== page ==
The University of British Columbia and prominent B.C. scholar and lawyer Mary Ellen Turpel-Lafond have cut ties.
UBC’s director of university of affairs, Matthew Ramsey, said he couldn’t provide details on why the previously tenured law professor is no longer employed there, but in a statement to Black Press Media Turpel-Lafond said she decided to retire based on her “age and stage of life.”
“I look forward to focusing on my health, family and spiritual journey. For me, this takes priority over any job, title, accolade or achievement.”
Ramsey said Turpel-Lafond hasn’t worked at UBC since Dec. 16.
The move comes in the wake of a CBC News investigation published on Oct. 13 that questioned Turpel-Lafond’s claims of Indigenous ancestry. The story digs into her past and finds contradicting information between the Cree heritage she has asserted, and which has characterized her career as an accomplished scholar and former judge, and historical records of her family and hometown.
Turpel-Lafond has been largely silent on the matter, but in a tweet following the release of the story said “I am of Cree, Scottish & English heritage & hold the name aki-kwe & am an active member of the Muskeg Lake Cree Nation. My credentials have been vetted at the highest levels of our country.”
I am of Cree, Scottish & English heritage & hold the name aki-kwe & am an active member of the Muskeg Lake Cree Nation. My credentials have been vetted at the highest levels of our country. Read my statement here #bcpoli #skpoli #cdnpoli pic.twitter.com/nj15RryLTy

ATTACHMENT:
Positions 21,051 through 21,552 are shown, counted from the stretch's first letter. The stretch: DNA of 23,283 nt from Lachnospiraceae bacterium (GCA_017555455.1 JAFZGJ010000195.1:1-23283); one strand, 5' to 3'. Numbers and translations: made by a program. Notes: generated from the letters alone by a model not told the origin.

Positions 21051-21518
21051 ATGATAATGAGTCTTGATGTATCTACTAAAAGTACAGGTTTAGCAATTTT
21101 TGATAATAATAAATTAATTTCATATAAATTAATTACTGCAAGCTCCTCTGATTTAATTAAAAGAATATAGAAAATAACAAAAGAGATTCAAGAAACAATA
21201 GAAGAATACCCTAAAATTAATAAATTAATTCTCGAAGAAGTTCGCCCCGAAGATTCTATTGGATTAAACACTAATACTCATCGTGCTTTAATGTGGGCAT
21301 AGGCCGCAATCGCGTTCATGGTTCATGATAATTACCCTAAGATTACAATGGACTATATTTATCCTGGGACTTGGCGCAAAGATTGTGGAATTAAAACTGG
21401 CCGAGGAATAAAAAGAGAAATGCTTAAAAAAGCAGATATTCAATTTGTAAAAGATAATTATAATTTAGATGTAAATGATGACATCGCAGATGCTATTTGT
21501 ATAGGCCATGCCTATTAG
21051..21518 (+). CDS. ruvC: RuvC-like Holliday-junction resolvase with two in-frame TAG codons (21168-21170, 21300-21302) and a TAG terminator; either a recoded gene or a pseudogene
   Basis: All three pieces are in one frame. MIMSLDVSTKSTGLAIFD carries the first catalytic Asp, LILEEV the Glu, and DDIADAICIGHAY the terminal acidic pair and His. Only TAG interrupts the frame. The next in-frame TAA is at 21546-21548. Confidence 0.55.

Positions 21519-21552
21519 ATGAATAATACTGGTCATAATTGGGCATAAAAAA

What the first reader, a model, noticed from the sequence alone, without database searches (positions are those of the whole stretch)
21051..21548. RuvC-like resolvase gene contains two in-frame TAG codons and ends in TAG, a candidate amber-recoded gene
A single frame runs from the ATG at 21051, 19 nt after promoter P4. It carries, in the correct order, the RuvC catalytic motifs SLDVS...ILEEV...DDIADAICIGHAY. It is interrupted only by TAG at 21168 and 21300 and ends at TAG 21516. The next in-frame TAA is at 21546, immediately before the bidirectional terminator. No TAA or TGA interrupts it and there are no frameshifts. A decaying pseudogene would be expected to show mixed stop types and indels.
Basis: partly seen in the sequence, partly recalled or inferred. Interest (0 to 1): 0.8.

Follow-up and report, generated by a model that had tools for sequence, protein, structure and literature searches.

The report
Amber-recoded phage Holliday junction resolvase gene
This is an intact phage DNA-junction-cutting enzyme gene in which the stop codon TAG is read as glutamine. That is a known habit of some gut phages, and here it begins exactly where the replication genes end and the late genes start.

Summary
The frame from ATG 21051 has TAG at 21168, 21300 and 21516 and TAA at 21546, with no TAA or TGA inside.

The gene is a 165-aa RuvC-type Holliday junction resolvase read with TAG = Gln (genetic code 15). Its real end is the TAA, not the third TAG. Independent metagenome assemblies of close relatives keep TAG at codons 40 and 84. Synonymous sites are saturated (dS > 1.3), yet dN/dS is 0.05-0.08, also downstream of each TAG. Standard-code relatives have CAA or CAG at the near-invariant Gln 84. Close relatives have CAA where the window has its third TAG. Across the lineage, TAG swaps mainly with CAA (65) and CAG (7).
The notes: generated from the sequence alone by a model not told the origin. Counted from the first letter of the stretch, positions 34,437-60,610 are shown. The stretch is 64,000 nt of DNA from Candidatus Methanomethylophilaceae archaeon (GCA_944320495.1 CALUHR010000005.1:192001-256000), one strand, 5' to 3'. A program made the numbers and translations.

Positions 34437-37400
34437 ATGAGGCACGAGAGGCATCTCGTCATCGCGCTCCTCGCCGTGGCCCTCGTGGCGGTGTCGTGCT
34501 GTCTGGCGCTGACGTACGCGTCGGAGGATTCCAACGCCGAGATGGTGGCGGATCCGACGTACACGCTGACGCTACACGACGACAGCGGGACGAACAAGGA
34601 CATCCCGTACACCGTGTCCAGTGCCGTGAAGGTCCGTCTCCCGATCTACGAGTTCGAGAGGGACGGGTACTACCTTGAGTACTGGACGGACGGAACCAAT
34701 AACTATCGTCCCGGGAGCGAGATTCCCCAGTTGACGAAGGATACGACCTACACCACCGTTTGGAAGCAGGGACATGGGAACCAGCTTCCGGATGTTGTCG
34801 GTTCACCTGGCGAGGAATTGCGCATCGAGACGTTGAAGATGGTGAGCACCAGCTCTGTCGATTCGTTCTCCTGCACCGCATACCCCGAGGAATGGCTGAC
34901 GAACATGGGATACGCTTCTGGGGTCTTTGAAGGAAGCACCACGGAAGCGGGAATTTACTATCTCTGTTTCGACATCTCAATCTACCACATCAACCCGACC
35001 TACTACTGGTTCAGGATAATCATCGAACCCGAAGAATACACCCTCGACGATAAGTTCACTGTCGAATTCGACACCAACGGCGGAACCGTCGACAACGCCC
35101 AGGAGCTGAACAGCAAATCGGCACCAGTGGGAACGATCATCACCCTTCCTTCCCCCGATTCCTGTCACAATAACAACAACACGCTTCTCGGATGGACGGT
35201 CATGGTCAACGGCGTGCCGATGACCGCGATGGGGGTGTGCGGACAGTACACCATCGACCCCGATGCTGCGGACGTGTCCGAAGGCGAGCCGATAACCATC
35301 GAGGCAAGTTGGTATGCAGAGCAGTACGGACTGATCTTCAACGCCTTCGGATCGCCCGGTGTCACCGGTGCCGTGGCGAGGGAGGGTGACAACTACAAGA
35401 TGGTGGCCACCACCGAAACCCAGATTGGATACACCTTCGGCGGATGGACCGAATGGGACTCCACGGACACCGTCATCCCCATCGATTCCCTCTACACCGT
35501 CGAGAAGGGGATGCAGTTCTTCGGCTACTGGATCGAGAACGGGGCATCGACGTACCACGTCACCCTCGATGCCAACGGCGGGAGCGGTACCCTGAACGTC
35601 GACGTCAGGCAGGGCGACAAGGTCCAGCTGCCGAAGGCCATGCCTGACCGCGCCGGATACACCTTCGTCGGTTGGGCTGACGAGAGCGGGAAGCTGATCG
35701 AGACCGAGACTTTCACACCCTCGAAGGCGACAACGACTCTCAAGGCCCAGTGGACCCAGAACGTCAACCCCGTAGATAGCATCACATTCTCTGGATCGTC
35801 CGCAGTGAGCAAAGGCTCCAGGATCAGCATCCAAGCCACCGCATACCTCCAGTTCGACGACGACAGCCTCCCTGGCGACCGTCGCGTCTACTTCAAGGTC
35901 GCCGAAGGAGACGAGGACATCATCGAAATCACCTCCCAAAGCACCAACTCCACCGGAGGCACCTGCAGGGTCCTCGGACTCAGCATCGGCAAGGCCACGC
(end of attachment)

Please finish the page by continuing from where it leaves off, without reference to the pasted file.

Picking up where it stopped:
— METL (@METLAkikwe) October 14, 2022
At the time, UBC said it couldn’t comment on personal information about its employees, but that it relies on self-identification by candidates when hiring for Indigenous scholarship or leadership roles. Turpel-Lafond formerly directed the university’s Indian Residential School History and Dialogue Centre.
She is also well-known in B.C. for producing the In Plain Sight: Addressing Indigenous-specific Racism and Discrimination in B.C. Health Care report, and working with the Union of British Columbia Indian Chiefs on legal efforts surrounding Heiltsuk grandfather and granddaughter Maxwell Johnson and Tori-Anne Tweedie.
The UBCIC backed Turpel-Lafond in October when the investigation was released.
“Issues of First Nations identity and community membership are for Indigenous peoples, families, and governments to sort through based on their own laws, customs, and traditions,” the union said in a statement at the time.
Editor’s Note: This story has been updated with a statement from Mary Ellen Turpel-Lafond.
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